What I Can’t Live Without

Starting a new humanitarian assignment isn’t easy. There’s paperwork to complete, a new language to learn, family and friends to say goodbye to. And then there is the age-old challenge of how to optimise some of the most prized real estate anywhere in the world: the inside of a suitcase. Your contract is two years long, and your weight limit is 23 kg. What are your absolute must-have that have to go with you?  

We asked our colleagues all over the world to tell us the items they simply cannot live without. Here is what they said.

‘My waist bag – it has been 10 years of steadfast companionship! It keeps important items exactly where I need them, and provides access and convenience.” – Richard, Kenya, currently working in the Horn of Africa.

‘A chitenge (sarong wrap). I always have one, especially when I am in the field. I can use it as a skirt / dress, scarf, towel, curtain, sheet, hankerchief, and a sleeping bag. I always have one in my bag!’ – Lute, Zambia, currently working in Jordan.

‘I always bring 30 to 40 sachets of Quaker Oats with me – the best way to start my day! I also take family photos, Settlers of Catan, a deck of cards, and an HDMI-USB-C converter.’ – Damon, France, Global Emergency Response Team.

‘This is an odd one, but it’s true – nice thick, creamy coffee creamer. I like to start each day with the perfect cup of coffee, filter style (like they serve in the USA). The trick to the perfect cup is the right balance between the boldness in the coffee, sweetness in the sugar, and creminess of the creamer. This started for me in 2001 as a 22-year-old, and it has been the same ever since. I usually bring six months of this stuff when I travel.’ – Nate, USA, currently working in Jordan. 

‘Spanish ham and some cosmetics – but if I know I’m going into a remote location, I take toilet paper and a bucket for showering and using as a stool. And mosquito repellant. And a solar rechargable light for my tent. It makes a difference!’ – Gloria, Spain, currently working in the Democratic Republic of Congo. 

‘I can’t imagine not having my own locally made Nigerian spice. Having it with me to use on every meal makes me feel at home. I make sure I never run out of it. MY SPICE, MY HOME FEELING.’ – Solomon, Nigeria, currently working in Yemen. 

‘Something sweet (dark chocolate bars) and something salty (inca corn). Yoga mat and exercise apps, an e-reader, dried herbs – and I’m even trying out sprouting! And a Pilot G-2 0.7 blue ink pen for signing purchase requests and payment disbursement forms.’ – Rachel, USA, currently working in Sudan.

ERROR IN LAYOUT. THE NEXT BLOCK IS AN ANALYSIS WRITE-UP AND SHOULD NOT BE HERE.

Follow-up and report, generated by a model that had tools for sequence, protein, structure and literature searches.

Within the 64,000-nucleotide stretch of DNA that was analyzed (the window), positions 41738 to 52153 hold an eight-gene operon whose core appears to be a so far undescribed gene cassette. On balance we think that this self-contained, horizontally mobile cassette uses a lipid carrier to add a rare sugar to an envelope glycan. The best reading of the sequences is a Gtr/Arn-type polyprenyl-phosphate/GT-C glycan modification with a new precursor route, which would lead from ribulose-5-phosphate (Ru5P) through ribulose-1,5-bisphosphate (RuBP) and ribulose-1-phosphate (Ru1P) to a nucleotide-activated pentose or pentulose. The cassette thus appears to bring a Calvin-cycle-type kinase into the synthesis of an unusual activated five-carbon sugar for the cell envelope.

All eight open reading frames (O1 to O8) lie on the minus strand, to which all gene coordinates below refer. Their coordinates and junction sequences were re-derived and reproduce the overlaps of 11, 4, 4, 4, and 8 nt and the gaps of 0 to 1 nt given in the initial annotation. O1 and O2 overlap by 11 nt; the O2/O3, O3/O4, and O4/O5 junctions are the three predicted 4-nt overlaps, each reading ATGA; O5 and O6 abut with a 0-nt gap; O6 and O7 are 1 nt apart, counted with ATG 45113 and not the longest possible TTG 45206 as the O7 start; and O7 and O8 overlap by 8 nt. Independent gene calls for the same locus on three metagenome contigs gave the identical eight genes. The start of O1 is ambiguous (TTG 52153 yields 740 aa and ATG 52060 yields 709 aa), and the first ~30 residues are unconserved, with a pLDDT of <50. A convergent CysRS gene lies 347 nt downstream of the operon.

‘I came with powdered injera (a traditional Ethiopian bread) that makes me feel home. It is an enjoyment to cook on weekends with Ethiopian receipes. This helps me to be thoughtful of my wife’s skillful hands in the making.’ – Wondimagegn, Ethiopia, currently working in Yemen.

‘My luggage is often packed with several bags of Huel meal power. I’m regularly made fun of for the constant mixing and shaking, hah, but it’s easy field food that is clean and won’t make you sick!’ – Zach, USA, currently working in Yemen.

‘I stockpile Earl Grey Tea from the UK. I can’t live without my daily tea and love a good chat over a cuppa with friends and colleagues.’ – Lena, Austria, currently working in Yemen. 

‘I always have multiple ways for making coffee. My first choice is a travel-sized French press. If I run out of coffee, I switch to fancy instant coffee sachets. When that runs out, I turn to my last resort: coffee sachets from military MREs (Meal, Ready to Eat) with an expiration date many decades in the future.’ – Joel, Switzerland, Global Support Office. 

‘Baking supplies! No matter where we have lived in the world, my husband and I have always enjoyed baking as a way to spend time together, relax, and share something homemade with our team.’ – Breanna, USA, currently working in Jordan.

‘Oats. It’s something that’s easy to bring wherever you travel, simple to prepare, and can be eaten in the morning to keep you going throughout the day even if you need to skip lunch.’ – Alastair, UK, currently working in Jordan.

‘Cargo trousers! I can put everything in all the pockets: phone, notes, pen, or all the above together. And it keeps the backpack lighter!’ – Elena, one of our expert logisticians, Switzerland, Global Support Office.


This content was produced with resources gathered by Medair field and headquarters staff. The views expressed herein are those solely of Medair and should not be taken, in any way, to reflect the official opinion of any other organisation.